Life is full of surprises... some of them not so welcome, while others are an absolute blessing.
Those who follow my work and keep in regular contact will know that I am busy compiling a memoir with recipes based on my father's life story, the circumstances under which he came to meet my mother, and how their lives played out.
The wide reach of the interweb never ceases to amaze me and, as I go through the process of researching my family history creating the memoir, I am making discoveries, and opening doors - not only for myself, but for others too.
Yesterday I Googled the name of a Magyar photographer who, in the 1950s or 60s, captured a photo of the Sátor mountains - which form the beautiful backdrop to the town that my family had lived in. My grandmother sent a heartfelt postcard featuring that image to my mother in Australia after my parents fled the country following the uprising in 1956.
I was hoping to gain permission to use the said photograph in my book. In my search I came across a photographer with the same Hungarian name. He lives in Perth, Australia, so I sent him a message asking if he was related in any way.
I learned that he is indeed the grandson of the late photographer - who was tragically killed in a plane crash over the Ukraine. Like his grandfather, both he and his father are (talented) photographers.
Not only are they happy for me to use the image from the postcard (thank you so much!), but they are now looking for all of the grandfather's work, accumulated over the decades when he was involved with a fine arts foundation publishing company known as the Képzőművészeti Alap. It was shut down when Hungary went through a series of changes after the Communist occupation.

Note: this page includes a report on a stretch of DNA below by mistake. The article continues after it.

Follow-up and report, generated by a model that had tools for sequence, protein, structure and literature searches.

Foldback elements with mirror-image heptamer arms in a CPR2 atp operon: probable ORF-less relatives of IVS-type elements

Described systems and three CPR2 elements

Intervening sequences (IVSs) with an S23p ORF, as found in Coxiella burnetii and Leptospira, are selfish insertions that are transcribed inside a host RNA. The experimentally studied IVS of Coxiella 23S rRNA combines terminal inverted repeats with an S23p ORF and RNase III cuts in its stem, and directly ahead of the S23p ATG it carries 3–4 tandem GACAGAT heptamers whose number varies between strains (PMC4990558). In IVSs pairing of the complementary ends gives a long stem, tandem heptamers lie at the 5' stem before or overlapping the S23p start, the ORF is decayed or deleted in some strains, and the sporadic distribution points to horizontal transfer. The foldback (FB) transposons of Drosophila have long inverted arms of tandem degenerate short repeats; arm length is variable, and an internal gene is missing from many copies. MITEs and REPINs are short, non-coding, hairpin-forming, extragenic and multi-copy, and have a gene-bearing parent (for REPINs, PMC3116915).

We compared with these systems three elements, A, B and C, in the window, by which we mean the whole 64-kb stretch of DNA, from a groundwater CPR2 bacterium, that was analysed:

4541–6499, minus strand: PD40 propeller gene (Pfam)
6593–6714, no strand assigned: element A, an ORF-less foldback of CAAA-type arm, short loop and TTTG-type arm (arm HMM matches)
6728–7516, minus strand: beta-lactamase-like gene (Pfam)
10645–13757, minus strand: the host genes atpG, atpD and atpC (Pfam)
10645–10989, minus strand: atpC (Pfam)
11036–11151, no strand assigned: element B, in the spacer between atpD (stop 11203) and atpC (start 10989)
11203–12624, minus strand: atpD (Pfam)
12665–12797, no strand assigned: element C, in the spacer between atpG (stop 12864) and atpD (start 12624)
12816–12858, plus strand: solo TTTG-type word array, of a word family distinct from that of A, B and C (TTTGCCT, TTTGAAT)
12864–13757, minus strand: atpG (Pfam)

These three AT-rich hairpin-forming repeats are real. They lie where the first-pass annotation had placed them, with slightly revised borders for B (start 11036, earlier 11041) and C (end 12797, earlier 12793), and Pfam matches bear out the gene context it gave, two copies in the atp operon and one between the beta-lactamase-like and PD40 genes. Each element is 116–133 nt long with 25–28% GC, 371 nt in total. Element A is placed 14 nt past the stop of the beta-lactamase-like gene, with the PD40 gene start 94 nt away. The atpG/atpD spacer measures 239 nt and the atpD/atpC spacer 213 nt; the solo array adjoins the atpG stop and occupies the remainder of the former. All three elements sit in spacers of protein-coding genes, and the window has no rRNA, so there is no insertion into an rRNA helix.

Apparently my asking if they had any other photographs of Sátoraljaújhely 'started something' - awakening in my contact's father the desire to find out what happened to his own father's work. In one sense, a domino effect.
It might seem insignificant to others, but to say that I feel blessed to have made the acquaintance of these fellow Hungarian-Australians in this way is an understatement. It has certainly been a sweet surprise, and I sincerely hope that it leads them onto a serendipitous journey of discovery.
This all adds weight to an idea outlined in 1929 by renowned Hungarian writer, Frigyes Karinthy, who is said to be the originator of the Six Degrees of Separation notion. In an essay titled Chain Links, he suggested that "the population of the Earth is closer together now than ever before", and "using no more than five individuals, one of whom is a personal acquaintance, one could contact the selected individual using nothing except the network of personal acquaintances". He was so right.
Thanks to modern networks and social media the world is now a small (and rather wonderful) place.
Tell me, do you believe in serendipity, and the concept of six degrees of separation?
Hello. I'm Liz, the writer, cook and traveller behind 'Good Things'.
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